Value of human rights

Embody human rights values every day. Respect differences. Show courtesy, compassion and civility towards others. Everyone has value and deserves to be treated fairly and with respect.

Value of your knowledge and respect

Choose informed discussion over arguments (including disagreements on the Internet). Do not spread untrue or harmful rumours and choose not to join in when people are insulting or laughing at someone or a group of people. We all have the right to freedom of expression. But everyone also has rights to respect, privacy and personal security.

Value of your actions

Show your support to someone who may be getting bullied or put down. Ask the person who is being left out or harassed to join you in an activity. Eat lunch together, walk home from school or invite that person to spend time talking. Showing empathy is a great first step to becoming a defender.

Value of your voice

Ask those who may be bullying or putting people down to stop, and encourage others to also ask them to stop. Speaking out helps everyone become stronger. You can team up with friends to confront someone who is mistreating others. There is power in numbers. If you see or experience mistreatment, tell someone you trust about what is going on — a teacher, a parent, a counsellor, a coach or a neighbour. Ask others for support. Do what feels right for you.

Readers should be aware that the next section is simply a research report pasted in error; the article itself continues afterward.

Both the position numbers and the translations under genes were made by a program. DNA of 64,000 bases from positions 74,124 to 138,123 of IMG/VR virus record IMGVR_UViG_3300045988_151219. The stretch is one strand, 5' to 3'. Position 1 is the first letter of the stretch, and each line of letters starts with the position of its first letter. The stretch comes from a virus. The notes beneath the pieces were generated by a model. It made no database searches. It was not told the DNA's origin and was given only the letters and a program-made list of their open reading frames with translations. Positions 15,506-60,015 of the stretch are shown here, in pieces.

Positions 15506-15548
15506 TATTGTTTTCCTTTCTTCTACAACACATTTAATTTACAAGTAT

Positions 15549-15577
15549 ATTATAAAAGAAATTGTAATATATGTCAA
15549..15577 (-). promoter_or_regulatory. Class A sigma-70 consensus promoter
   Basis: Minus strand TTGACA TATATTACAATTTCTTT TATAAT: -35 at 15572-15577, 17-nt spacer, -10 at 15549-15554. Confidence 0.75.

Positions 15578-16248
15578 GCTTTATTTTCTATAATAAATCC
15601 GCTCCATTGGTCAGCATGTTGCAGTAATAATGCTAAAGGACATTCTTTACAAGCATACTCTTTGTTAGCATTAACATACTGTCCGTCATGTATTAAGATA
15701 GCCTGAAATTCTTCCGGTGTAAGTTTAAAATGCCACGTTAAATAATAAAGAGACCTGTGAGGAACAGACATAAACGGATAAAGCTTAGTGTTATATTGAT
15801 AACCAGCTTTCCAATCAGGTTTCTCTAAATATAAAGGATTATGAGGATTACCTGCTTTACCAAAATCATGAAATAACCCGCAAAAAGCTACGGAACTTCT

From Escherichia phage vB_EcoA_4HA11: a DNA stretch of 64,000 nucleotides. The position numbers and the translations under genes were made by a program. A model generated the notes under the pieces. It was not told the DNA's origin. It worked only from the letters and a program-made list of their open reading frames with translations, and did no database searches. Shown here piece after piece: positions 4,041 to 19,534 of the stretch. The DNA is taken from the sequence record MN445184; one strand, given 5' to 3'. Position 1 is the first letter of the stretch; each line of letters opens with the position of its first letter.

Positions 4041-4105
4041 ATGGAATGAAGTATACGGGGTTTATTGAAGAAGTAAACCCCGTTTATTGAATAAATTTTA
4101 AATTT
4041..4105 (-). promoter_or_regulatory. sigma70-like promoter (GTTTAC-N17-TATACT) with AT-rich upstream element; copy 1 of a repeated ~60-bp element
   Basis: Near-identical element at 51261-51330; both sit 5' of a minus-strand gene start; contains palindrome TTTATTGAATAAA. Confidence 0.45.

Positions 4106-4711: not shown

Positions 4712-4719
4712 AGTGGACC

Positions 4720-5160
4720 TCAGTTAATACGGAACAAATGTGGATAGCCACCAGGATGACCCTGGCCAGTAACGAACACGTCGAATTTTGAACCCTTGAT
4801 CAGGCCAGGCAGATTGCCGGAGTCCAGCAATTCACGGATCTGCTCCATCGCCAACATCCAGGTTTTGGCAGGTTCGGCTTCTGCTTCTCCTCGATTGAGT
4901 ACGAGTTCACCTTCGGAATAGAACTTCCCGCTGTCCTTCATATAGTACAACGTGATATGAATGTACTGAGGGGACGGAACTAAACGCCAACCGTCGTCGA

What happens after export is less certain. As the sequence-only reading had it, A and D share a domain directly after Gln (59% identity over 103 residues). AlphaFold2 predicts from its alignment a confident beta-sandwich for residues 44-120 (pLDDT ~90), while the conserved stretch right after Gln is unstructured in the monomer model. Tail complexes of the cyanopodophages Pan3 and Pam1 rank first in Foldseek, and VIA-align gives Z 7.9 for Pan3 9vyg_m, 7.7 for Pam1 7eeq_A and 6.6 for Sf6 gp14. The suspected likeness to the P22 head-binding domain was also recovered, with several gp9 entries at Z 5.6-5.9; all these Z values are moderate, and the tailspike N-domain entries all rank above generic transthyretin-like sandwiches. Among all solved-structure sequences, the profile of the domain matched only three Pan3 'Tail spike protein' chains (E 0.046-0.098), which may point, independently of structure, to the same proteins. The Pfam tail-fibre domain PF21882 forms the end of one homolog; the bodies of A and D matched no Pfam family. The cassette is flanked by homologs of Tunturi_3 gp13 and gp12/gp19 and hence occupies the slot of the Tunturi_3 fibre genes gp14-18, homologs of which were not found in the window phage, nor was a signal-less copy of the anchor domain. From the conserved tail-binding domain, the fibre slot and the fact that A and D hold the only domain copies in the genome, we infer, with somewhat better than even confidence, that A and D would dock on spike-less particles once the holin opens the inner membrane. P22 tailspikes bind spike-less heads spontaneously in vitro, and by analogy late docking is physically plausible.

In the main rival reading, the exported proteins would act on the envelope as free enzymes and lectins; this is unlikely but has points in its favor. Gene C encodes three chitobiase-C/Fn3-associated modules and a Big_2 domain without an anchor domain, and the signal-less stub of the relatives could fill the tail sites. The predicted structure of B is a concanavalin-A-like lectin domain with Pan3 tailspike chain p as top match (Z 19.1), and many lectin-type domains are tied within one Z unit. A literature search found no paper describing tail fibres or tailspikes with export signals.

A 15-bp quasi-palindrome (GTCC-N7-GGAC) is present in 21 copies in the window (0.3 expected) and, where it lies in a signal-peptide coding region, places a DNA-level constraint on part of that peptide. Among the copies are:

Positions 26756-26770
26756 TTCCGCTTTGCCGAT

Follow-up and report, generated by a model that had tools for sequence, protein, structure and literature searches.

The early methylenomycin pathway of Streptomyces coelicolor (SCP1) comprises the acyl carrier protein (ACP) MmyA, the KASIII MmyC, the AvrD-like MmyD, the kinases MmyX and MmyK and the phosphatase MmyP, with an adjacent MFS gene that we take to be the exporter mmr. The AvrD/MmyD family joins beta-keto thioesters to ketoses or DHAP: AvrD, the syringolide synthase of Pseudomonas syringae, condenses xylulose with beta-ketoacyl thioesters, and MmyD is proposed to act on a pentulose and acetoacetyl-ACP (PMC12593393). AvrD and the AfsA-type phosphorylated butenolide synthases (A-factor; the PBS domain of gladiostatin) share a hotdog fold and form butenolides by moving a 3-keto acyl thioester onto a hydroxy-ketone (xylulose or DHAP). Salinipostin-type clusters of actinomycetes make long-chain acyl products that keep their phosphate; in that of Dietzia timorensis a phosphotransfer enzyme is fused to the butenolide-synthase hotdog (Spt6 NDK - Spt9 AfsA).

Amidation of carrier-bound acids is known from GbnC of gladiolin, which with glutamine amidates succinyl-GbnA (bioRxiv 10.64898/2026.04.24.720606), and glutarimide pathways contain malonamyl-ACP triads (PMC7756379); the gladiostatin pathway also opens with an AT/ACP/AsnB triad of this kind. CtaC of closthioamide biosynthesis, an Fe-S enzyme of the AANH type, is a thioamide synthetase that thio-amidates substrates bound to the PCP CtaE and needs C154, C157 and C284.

Value of your awareness

Open your eyes to the human rights issues that surround you every day in your community. If you do not know what those human rights issues are, find out and learn about them. If one of the issues is important to you, get involved.

Value of gratitude

Take a moment to personally thank a human rights defender and learn more about that individual’s work.

Tips for getting involved in human rights

  1. Identify a human rights issue in your community that interests you.
  2. Research the issue or story. Why is there a problem? Who can make the change you want? What solutions have been tried?